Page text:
Project Information for Landowners in the Herbertsdale Mountain Corridor Area
The Gouritz Cluster Biosphere Reserve (GCBR) Corridors Project is an initiative to enhance landscape scale ecological processes along mountain ranges and rivers associated with the Gouritz river catchment. Corridors are critical for ecological processes such as pollination, pest control, nutrient cycling and water provision as well as for the long-term survival of wild animals and plants, especially in the context of climate change.
The project aims to establish landscape level strategies for effective fire management, successful invasive alien plant control and improved river and wetland health by means of establishing collaboration between farmers and other landowners. The project aims to assist with implementing practical and cooperative strategies to address threats and opportunities at a landscape scale, to support sustainable farming livelihoods and local biodiversity.
The current focus is on enhancing ecological functionality in the Langeberg Moutains and foothills, between the Weyers River in the West, Ruitersbos Nature Reserve in the East and centred in the Herbertsdale area.
In order to assess the condition of natural assets and develop practical cooperative strategies, farmers in the focus area were visited individually between March and October 2020. The project was introduced, and ecological baseline data were collected on at least 86 farm portions covering some 40 000 ha owned by 34 landowners.
Baseline assessments – October 2020
Natural habitat types in the Herbertsdale Corridor Area include:
- Rivers and wetlands.
- Mountain Fynbos.
- Renosterveld and Thicket habitats.
FIGURE 1. WEYERS RIVER WETLAND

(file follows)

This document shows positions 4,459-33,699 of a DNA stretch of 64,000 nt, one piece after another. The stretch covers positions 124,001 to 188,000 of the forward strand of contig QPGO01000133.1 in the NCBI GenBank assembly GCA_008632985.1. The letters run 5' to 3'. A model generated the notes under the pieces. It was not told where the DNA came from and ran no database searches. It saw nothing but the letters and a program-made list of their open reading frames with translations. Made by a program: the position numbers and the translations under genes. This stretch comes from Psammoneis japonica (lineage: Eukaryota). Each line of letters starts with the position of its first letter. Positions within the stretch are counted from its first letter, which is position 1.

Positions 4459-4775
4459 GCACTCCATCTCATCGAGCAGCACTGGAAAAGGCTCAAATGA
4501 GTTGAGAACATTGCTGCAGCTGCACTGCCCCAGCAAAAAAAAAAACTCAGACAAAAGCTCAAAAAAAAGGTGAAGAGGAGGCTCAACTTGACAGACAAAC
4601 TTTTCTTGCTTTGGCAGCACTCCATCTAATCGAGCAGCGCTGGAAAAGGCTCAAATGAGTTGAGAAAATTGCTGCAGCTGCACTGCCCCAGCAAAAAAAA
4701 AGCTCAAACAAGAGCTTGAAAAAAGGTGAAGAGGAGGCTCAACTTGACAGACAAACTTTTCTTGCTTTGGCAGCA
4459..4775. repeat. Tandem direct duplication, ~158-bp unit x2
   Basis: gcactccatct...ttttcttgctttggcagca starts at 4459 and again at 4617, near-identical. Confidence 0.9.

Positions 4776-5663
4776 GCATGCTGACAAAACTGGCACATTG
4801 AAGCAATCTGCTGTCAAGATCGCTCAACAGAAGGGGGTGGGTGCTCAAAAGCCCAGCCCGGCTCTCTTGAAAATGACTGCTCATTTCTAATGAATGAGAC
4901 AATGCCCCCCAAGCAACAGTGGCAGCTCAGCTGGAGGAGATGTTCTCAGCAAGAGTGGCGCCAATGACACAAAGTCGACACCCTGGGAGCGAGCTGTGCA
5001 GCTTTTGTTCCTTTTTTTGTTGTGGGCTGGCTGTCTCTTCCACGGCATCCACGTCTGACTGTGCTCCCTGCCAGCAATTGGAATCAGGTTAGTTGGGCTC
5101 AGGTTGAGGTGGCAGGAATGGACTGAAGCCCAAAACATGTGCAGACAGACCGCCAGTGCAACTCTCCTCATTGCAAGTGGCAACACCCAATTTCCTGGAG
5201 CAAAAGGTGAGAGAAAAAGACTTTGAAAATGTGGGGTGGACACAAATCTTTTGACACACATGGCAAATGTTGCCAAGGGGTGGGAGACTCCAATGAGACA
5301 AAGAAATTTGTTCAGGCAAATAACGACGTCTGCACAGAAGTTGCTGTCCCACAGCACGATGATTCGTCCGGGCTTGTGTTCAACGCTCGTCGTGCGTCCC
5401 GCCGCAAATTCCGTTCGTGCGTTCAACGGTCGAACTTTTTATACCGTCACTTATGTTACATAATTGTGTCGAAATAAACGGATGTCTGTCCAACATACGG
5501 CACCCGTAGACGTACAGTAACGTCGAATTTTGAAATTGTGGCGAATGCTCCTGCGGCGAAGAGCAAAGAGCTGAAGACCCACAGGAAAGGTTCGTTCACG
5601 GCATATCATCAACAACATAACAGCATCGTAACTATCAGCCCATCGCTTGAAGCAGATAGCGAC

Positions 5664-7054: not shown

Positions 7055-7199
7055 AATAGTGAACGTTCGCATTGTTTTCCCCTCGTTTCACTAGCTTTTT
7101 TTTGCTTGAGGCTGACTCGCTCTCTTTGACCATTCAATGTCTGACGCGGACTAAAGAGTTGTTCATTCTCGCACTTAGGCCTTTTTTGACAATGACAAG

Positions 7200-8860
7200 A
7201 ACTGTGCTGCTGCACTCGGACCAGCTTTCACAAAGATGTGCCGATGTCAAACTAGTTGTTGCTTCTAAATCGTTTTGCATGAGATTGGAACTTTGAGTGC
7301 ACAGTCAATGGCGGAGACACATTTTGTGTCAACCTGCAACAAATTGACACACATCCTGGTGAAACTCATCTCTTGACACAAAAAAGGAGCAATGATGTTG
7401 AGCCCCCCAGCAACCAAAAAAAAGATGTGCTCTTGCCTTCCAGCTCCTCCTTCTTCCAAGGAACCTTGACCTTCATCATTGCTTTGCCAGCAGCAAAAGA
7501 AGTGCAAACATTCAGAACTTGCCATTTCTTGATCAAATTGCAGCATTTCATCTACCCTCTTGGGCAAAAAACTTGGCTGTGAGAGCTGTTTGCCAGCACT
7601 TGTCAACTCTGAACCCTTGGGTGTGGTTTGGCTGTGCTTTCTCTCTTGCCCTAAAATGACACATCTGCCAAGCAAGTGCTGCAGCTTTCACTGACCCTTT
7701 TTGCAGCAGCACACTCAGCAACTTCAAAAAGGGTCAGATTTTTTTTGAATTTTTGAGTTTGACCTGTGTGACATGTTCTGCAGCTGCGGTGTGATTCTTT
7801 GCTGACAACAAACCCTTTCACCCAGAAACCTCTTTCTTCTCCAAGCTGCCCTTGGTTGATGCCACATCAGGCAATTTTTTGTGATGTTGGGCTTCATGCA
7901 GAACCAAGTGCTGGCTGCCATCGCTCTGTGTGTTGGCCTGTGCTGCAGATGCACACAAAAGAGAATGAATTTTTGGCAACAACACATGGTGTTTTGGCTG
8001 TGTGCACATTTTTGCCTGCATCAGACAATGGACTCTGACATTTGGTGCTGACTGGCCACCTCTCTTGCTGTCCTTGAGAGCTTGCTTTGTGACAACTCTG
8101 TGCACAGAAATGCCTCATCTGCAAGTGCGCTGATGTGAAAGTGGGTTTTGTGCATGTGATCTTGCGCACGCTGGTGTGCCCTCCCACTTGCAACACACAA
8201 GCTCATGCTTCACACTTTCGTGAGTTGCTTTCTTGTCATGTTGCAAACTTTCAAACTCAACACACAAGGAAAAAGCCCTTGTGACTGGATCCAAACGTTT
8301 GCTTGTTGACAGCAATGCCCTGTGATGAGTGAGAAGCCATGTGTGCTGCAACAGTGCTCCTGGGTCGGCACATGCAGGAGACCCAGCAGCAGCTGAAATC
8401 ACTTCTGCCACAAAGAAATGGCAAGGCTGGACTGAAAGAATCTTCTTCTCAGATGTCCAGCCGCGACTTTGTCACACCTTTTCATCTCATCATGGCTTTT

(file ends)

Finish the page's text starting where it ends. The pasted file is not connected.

The wetlands are critically important for water storage, dry season river flows and biodiversity conservation.
Threat: Invasive alien plants which destabilise the wetland soils, dry out the wetlands and replace valuable wetland plants.
Objective: (1) To remove invasive alien plants such as black wattle and stink bean; (2) Keep all the wetlands clear of alien plants, and; (3) Identify solutions for erosion in the wetlands.
Opportunity: Some landowners are already investing in invasive plant clearing but with a coordinated approach much more of the objectives can be achieved.
FIGURE 2. PSEUDOBARBUS ASPER (SMALLSCALE REDFIN). FIGURE 3. SANDELLA CAPENSIS (CAPE KURPER).
The rivers of the area are special in that they contain at least three endemic fishes that occur nowhere else in the world, one of which has yet to be given a scientific name. The local rivers are also critical water security for farmers.
Threat: Dense invasive plant infestations on riverbanks, the loss of water and the loss of river habitat suitable for endangered fish.
Objective: (1) Ensure the spread of alien plant biocontrol agents (such as wattle seed eating beetles); (2) Remove small but critical patches of alien plants which threaten the system, and; (3) Eventually eradicate all alien trees from the river system in the long term.